FCA to Pay Tesla Hundreds of Millions of Euros for Emission Credits or Face Hefty Fines from the EU
As an automaker that produces only zero emissions electric vehicles, Tesla is in a unique position to take advantage of a little known rule—selling emission credits to other automakers.
Current regulations in the U.S. allow the company to earn credits for producing zero-emission vehicles and sell any extra credits to a rival automaker. According to the Financial Times, Fiat Chrysler Automobiles (FCA) will pay Tesla hundreds of millions of euros for emissions offsetting credits.
The credits are used to bring down average emissions from an automaker's fleet, which is what FCA is doing. The automaker formed an open pool with Tesla on Feb. 25, the FT said, citing a declaration with the European Commission, allowing FCA to include Tesla vehicles to help lower its average emissions across its model lineup.
The move allows FCA to pay Tesla for credits in order to offset carbon dioxide emissions from its model lineup.
FCA finds itself in a tough spot, the automaker can either pay Tesla for the additional credits to lower average emissions across its fleet, or face hefty fines up to billions of euros for not being able to meet EU emissions mandates when they become law in 2021.
Beginning next year, the European Union's target for average CO2 emissions falls to 95 grams per kilometer. FCA's average emissions in 2018 was 123 grams per kilometer, well above the target. In order to meet the new requirements, the rules allow carmakers to form "open pools" with other carmakers, which is what FCA did with Tesla in February.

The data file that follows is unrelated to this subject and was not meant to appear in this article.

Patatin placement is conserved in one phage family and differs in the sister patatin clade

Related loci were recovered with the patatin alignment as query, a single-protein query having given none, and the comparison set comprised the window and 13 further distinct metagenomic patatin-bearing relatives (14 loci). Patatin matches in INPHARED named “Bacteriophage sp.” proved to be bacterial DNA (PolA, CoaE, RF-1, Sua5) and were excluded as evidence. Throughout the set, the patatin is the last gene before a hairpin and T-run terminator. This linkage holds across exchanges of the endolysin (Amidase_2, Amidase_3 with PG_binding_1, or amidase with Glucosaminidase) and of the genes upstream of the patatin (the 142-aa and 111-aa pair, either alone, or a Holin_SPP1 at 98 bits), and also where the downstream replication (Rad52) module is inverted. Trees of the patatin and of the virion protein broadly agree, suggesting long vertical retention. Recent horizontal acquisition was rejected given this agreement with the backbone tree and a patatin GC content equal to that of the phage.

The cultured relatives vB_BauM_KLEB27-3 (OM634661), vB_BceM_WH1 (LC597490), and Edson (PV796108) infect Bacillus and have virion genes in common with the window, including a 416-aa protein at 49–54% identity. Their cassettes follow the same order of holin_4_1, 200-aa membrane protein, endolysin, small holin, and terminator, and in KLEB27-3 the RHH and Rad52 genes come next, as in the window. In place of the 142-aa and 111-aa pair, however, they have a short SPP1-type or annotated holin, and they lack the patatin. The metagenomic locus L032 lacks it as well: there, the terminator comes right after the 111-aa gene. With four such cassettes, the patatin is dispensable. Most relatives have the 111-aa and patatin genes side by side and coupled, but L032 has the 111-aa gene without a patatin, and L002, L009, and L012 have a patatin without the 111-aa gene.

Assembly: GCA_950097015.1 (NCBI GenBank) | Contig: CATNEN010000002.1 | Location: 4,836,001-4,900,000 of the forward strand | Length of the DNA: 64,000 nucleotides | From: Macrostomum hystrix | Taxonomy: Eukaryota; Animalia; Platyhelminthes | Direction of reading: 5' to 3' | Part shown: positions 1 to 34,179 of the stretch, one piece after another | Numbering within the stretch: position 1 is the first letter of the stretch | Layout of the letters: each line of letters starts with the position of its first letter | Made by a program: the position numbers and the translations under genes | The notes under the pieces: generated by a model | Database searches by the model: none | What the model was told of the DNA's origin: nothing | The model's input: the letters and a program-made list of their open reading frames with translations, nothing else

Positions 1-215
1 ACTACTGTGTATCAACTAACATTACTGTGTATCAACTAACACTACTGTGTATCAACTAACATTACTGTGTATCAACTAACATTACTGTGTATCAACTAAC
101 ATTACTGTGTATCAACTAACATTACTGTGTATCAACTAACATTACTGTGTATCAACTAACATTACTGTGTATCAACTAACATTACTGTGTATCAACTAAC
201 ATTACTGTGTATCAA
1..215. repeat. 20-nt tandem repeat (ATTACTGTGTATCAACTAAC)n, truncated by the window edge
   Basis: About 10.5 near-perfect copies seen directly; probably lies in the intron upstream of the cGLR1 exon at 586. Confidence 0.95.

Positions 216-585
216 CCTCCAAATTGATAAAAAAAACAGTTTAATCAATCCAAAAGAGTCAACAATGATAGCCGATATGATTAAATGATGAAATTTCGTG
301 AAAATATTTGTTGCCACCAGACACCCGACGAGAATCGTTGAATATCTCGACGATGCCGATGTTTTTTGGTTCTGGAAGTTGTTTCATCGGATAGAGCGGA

The report did not mention exactly how much Fiat Chrysler has agreed to pay Tesla but the figure is lower than any fines the automaker would have to pay for failing to meet CO2 limits.
Tesla did not respond to requests for comment.
Tesla has made over $1 billion in the last three years by selling emissions credits in the United States, according to its annual report to the U.S. Securities and Exchange Commission. The credits in the past have inflated Tesla's earnings, allowing it to post quarterly profits when otherwise it would have posted a loss.
Tesla earned $103 million in 2018 from selling the credits and another $279 million in 2017, according to the company's quarterly 10-Q filings with the SEC.
In a statement, Fiat Chrysler did not directly address the amount that it would pay but added it would "optimize the options for compliance that the regulations offer."
"FCA is committed to reducing the emissions of all our products. The purchase pool provides flexibility to deliver products our customers are willing to buy while managing compliance with the lowest cost approach," FCA added in its statement.
FCA has previously purchased emissions credits from the Toyota Motor Corp. and Honda Motor Co.
- VW Reveals Fully-Electric Flagship SUV Concept for the China Market
- Nikola Motors Reveals its Latest Hydrogen-Electric Vehicles at ‘Nikola World 2019’
- Toyota to Sell Electric Vehicle Technology to Chinese EV Startup Singulato
- Volvo to Build the XC40 SUV in China to Meet High Demand
- Battery Supplier Panasonic Backs Away From Further Investment in Tesla’s Gigafactories
- Chairman of EV Startup BYTON to Leave the Company, German Magazine Reports
- Ahead of the e-tron Launch, Audi Launches Ad Campaign to Clarify Misconceptions About EVs
- Uber Introduces a Voucher Program that Allows Businesses to Buy Rides for Their Customers